As a liberal arts student, my world was filled with academia and the pursuit of knowledge but was devoid of tangible, real world advice. Life after college seemed like a far-off myth. While my mind was filled with the work of Kant, Plato, and Rousseau, I was rarely presented with career options outside of academics and, as a result, my employment prospects were limited.
Recently, my company launched a new hire program and decided to focus our recruitment efforts on graduating students. I was charged with the task of reaching out to teachers from multiple universities to ask if they’d be willing to share the information with their classes. Nine times out of ten I was told to get lost. As soon as I said the words “job opportunity,” most professors would hang up the phone. Those polite enough to sit through my speech would usually tell me that they simply couldn’t “waste class time with this.” The same thing happened in emails, message boards, and prearranged meetings. Now, we all know that college professors are often overworked, overtired and overstressed, but refusing to discuss life beyond their hallowed halls is nothing short of selfish and irresponsible.
While studying the works of ancient philosophers, writers, and artists is noble, it isn’t very practical. A life of academia has always belonged to the privileged, the wealthy, and frivolous. In early times, ruling families educated their children in the arts and history, while the working class focused on apprenticeships and trades; and it’s been that way for many years. Even our parents were subjected to classist education. Those with money went on to study art history at elite liberal arts colleges, while children of blue-collar families went on to trade schools and studied nursing, cosmetology, or auto-mechanics. But as the middle class grew and expanded, so did the concept of higher education.
Thanks to a global economy, 21st century technologies, the introduction of FAFSA and growing scholarship programs, a college education has become accessible to more students than ever before. That’s the way it should be. Colleges however, have yet to make the proper adjustments. Many professors are stuck in an era of academic elitism. They focus their energy on the importance of early Roman law, but fail to realize that a larger, more diverse student body needs to learn how to apply this knowledge to something tangible.
Perhaps the problem is that our teachers are often elitist academics themselves. I’ve had amazing professors over the years, but they all had one thing in common: they went to overpriced, private colleges, grad schools, and doctorate programs. They summered in Europe and spent their spare time writing novels, short stories, or essays. Like many academics of the 21st century, I can imagine that my former mentors have had to justify their chosen professions on more than one occasion. It’s like the adult version of the “What do you do with a B.A. in History?” question, and I’m sure it’s just as frustrating. Of course, I’m generalizing, but that doesn’t make it untrue.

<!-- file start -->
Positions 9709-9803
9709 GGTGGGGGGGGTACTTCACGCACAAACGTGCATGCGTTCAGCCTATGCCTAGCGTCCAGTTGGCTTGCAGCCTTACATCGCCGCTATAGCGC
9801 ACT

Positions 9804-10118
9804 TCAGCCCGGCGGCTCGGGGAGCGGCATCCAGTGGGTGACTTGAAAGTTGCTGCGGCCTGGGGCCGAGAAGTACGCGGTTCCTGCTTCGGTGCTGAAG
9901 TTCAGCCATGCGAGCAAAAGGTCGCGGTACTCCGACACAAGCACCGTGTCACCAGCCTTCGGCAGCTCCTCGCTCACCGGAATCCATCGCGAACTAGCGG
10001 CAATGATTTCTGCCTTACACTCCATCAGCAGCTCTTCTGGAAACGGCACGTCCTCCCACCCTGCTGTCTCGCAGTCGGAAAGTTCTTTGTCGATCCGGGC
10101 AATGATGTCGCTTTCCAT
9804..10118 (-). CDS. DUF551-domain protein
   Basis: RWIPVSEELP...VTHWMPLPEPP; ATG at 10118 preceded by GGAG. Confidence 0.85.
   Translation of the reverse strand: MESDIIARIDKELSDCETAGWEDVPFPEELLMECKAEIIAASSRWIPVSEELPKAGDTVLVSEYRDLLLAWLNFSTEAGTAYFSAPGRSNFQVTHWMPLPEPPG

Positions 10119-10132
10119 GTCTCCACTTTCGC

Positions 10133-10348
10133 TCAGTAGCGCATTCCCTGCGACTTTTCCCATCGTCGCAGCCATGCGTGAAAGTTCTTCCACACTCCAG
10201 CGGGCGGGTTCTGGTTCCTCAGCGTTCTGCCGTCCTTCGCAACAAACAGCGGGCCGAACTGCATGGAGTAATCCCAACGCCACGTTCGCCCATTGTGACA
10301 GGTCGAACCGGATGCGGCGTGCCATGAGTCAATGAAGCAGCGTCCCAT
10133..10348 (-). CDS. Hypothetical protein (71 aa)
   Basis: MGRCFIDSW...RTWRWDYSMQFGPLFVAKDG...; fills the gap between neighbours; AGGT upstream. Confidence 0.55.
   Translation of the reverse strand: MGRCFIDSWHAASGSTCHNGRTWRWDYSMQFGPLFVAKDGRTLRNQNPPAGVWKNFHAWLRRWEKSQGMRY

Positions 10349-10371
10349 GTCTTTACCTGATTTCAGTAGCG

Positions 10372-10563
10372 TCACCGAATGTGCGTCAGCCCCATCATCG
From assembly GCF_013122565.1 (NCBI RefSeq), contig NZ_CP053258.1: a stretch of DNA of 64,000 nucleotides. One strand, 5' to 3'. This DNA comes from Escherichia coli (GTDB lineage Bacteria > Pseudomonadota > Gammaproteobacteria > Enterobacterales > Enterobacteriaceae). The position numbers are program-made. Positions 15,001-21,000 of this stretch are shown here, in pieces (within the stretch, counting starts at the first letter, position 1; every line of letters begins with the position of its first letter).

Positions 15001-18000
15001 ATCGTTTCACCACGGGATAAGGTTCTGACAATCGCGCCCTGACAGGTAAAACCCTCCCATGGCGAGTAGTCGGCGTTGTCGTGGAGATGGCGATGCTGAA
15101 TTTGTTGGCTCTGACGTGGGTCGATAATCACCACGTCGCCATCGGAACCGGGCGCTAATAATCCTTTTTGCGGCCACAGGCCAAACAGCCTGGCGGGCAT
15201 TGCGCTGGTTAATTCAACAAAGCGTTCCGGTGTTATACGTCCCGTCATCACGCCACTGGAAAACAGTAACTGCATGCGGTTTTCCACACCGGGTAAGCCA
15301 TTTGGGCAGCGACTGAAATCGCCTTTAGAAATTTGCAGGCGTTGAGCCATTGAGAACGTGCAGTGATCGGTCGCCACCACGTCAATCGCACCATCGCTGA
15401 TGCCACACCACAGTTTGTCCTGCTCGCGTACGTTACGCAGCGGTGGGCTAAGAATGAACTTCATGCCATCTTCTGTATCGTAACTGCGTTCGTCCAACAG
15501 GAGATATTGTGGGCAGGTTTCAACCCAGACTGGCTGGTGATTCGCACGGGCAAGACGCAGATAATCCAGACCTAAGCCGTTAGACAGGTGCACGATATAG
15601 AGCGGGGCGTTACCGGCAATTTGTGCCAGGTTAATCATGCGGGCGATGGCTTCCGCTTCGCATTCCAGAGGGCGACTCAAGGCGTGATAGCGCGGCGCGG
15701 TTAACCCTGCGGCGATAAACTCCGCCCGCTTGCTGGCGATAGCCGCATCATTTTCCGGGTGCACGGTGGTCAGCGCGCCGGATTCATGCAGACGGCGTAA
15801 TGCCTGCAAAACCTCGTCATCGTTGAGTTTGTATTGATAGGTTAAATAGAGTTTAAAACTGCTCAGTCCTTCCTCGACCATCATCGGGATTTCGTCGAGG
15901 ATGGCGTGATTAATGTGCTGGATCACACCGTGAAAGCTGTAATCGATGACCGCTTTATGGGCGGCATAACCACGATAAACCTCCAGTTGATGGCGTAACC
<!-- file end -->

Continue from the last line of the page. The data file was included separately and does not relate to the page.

There’s a common fear amongst academics that classical study is a dying art, and I can imagine many professors taking it upon themselves to revitalize it, but in doing so they fail to ensure a comfortable future for their students. How many liberal arts graduates can recall a time their teachers discussed real-life employment options? I can count those times on one hand, but I specifically remember an email blast about graduate programs.
Times have changed. For the first time ever, a majority of middle-class Americans can pursue some type of higher education, and a Bachelor’s Degree no longer belongs to the wealthiest one percent. However, many of us are now strapped with heavy student loan debt, and unlike the one percent, our parents can’t bail us out. This is why we need more job opportunities. I am in no way saying that we should abandon liberal arts curriculums. A liberal arts education provides students with unmeasurable skills like the ability to write, research, and articulate any argument in a professional, coherent manner. However, instead of only focusing on academia we need our colleges to highlight other options as well; believe me, that’s not a waste of any teacher’s time.